Warning: Minor spoilers for Star Wars: The Rise of Skywalker ahead.
Caitlin Dechelle is already a Taylor Swift squad member and one of the most recognizable superheroes in the world. Now she’s adding bonafide Jedi to her resume.
The 28-year-old is one of just a few fearless women whose job it is to bring Hollywood’s most physically demanding scenes to life. As a silver screen stuntwoman, her credits include Terminator, Guardians of the Galaxy, and Furious 7. She’s appeared in television shows and music videos, like Taylor Swift’s “Bad Blood” and Dua Lipa’s “Swan Song.” Though you’ll never see her face, her extraordinary athletic prowess (Jackie Chan is her mentor) is memorialized in movies like Wonder Woman, where you can watch her kick, punch, and fly through the air as Gal Gadot.
Dechelle has black belts in three different disciplines: Chinese Kenpo, Japanese Goju-Ryu, and Taekwondo. She can also wield a bo staff and a sword, skills that landed her a role in Star Wars: The Rise of Skywalker as one of Daisy Ridley’s doubles. I sat down with Dechelle to talk all things stunts, sabers, and Star Wars.
Three black belts is no small feat. When did you get interested in martial arts?
My mom’s dad actually suggested taking a martial arts class to have some self-defense skills because, being a woman, it’s a really handy skill to have when you grow up. But my brother was diagnosed with a brain tumor and I took a step back from training to help him heal. Once he started getting better, I went back. I trained in three different styles throughout my martial arts career, Chinese Kenpo, Japanese Gōjū-ryū and Taekwondo. I got my black belt in Taekwondo at 14, and then became proficient with about every weapon possible. I chose the sword as my speciality.
How did you turn martial arts into a career?
One thing leads to the next job and it’s all who you know in the business and how long you’ve been in the business. My parents weren’t crazy about me dropping out of college to pursue a career in Hollywood, but now they couldn’t be more proud. My dad, who had never done martial arts before, has become somewhat of an expert. [To me] he’ll be like: “That looks good. That looks bad. You need to pivot your bottom foot.”
You’ve doubled for so many characters, from Wonder Woman to Slay-Z, who was Gigi Hadid’s character in “Bad Blood.” Now, you’re Daisy Ridley as Rey in Star Wars. What’s the casting process like?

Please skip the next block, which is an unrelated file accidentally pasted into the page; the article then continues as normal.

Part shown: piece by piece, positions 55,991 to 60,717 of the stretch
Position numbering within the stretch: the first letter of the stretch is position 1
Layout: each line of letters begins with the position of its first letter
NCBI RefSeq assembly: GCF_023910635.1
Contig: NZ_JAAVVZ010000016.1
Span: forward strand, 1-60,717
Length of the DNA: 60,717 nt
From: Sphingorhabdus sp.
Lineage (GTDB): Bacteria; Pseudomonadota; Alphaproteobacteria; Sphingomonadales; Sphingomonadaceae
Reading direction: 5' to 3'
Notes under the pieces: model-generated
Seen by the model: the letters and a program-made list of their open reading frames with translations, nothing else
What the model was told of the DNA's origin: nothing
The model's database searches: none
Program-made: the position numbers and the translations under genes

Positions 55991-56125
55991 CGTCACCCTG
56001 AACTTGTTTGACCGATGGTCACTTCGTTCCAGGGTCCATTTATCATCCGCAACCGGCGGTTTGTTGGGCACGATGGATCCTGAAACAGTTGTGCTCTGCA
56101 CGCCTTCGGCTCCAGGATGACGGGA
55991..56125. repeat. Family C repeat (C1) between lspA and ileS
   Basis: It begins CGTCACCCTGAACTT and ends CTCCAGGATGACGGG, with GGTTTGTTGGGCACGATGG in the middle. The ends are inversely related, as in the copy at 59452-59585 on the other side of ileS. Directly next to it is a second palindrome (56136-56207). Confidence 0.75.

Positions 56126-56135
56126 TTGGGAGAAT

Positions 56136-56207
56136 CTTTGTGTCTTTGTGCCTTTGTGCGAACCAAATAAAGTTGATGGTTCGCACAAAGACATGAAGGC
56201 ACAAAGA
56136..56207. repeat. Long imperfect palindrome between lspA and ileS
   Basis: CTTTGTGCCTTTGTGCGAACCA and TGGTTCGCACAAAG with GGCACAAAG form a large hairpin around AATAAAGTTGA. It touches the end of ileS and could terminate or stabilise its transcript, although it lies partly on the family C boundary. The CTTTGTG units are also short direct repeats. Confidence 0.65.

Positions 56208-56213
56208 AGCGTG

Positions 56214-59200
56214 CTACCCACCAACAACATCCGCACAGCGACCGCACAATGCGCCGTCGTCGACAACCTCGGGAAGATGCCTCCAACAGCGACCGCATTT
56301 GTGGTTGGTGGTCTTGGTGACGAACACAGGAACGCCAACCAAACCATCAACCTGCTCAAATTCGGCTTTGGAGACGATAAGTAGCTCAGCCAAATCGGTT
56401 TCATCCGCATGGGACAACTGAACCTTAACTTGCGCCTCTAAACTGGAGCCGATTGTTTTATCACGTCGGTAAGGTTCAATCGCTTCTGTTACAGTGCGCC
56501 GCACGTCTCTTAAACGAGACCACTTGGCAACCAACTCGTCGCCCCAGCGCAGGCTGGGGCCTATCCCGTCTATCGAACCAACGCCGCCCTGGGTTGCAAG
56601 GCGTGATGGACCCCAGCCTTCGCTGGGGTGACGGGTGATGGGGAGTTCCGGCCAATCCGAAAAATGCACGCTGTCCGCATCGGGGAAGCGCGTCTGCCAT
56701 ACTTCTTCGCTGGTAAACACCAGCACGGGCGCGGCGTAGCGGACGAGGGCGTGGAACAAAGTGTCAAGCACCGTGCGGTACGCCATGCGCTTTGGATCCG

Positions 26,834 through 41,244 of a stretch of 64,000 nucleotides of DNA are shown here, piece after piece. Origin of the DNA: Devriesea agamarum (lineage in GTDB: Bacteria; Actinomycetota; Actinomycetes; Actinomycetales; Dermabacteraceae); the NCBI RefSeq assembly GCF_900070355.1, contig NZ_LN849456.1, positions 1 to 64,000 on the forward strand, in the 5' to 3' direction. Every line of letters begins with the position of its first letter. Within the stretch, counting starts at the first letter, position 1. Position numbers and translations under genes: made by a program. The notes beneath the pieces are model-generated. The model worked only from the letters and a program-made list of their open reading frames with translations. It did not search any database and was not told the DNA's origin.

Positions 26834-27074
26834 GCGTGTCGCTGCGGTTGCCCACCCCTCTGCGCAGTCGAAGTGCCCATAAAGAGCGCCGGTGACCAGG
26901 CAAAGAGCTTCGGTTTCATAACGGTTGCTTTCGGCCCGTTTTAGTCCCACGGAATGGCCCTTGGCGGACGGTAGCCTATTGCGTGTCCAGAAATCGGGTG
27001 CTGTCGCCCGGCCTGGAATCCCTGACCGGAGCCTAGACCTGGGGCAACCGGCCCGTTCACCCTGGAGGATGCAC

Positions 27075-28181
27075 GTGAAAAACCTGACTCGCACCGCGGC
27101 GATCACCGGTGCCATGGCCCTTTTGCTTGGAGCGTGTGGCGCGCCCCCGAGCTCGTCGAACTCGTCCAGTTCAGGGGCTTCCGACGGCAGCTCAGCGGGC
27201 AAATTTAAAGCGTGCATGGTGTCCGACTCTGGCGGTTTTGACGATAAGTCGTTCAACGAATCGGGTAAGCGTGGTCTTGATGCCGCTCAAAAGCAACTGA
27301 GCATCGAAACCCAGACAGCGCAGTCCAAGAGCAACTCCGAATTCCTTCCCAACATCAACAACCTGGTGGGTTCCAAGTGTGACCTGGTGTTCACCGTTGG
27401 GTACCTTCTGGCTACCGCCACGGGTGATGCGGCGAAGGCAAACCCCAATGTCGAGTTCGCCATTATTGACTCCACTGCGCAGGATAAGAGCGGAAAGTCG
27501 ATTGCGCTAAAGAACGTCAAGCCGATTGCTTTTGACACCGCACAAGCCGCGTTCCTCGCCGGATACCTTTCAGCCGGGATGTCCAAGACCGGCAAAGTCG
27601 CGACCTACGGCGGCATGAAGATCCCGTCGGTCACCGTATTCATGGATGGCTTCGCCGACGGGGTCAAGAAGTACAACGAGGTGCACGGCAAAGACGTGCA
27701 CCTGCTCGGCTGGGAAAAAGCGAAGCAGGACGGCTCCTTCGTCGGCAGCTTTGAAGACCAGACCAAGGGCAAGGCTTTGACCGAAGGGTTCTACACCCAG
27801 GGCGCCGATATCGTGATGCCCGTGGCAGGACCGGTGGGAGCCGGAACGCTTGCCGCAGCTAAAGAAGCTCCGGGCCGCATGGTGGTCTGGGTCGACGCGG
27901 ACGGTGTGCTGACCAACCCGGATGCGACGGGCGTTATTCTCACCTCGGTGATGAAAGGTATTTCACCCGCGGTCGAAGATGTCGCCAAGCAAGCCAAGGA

When you get cast, it’s always about height and weight and skills. It has to be similar to an actor’s height and weight. If a director wants to get specific measurements, they’ll do that, too. Directors also look at how similar your hair is, but that can always be wigged. Skin tone is another factor, because if you’re in a short sleeve, you have to look the same. All that said, with movie magic and makeup, anything can be done to make you look like someone else.
What physical skills does director J.J. Abrams look for in a stunt double?
The film shot primarily in London, but I did a week and a half of reshoots here in L.A. They needed someone who could handle both a sword and a staff. A lot of people are only proficient in one or the other. I landed the role because I looked like Daisy, body-wise, and I also could handle weapons in the fight scenes we did. So a Japanese katana sword is basically a lightsaber, though it’s a slightly different fighting style using a lightsaber. In essence, it’s practically the same. Except, I have to say, a lot cooler.
Did Daisy do any of her own stunts?
Before I started, the coordinator said, “We’re doing this scene where you’re going to have to be able to use sword and staff.” You see those skills come to life when Rey fights herself. It’s this sort-of juxtaposition of battling your inner light side and your inner darkness. I stunted for Daisy in that scene and we switched between doing the light and dark version of Rey. We both played each side so that she could be in it all. One day, she was light and I was dark. The next day, I was light and she was dark. It got confusing, but we’d always laugh and joke about it. We filmed it over two days. I worked up some choreography ideas with the stunt coordinator initially, which J.J. approved. He had a very specific vision of one Rey attacking and one defending. Then, we taught Daisy everything. She was great. We’re so similar body-wise that on day two of shooting she was like, “Wow, I don’t think I’ve had a double who was closer in my body type and movement than you, ever.”
How stoked were you to add Jedi to your resume?
There was this moment standing on set holding the lightsaber and I just thought to myself, “Oh snap, I’m a Jedi! I have a lightsaber!” It felt so real.
And you’re still riding the Star Wars train as a stunt double on The Mandalorian.
Yes! But I can’t really talk much about it. I’m doubling two different characters. One now is a female version of one of the Mandalorian, but the character that I’d double for is very top secret and won’t be released until January. All I can say is it’s a very iconic moment in time that brings this character into play. It’s really, really cool. She’s a big actress, so I can’t wait for people to see.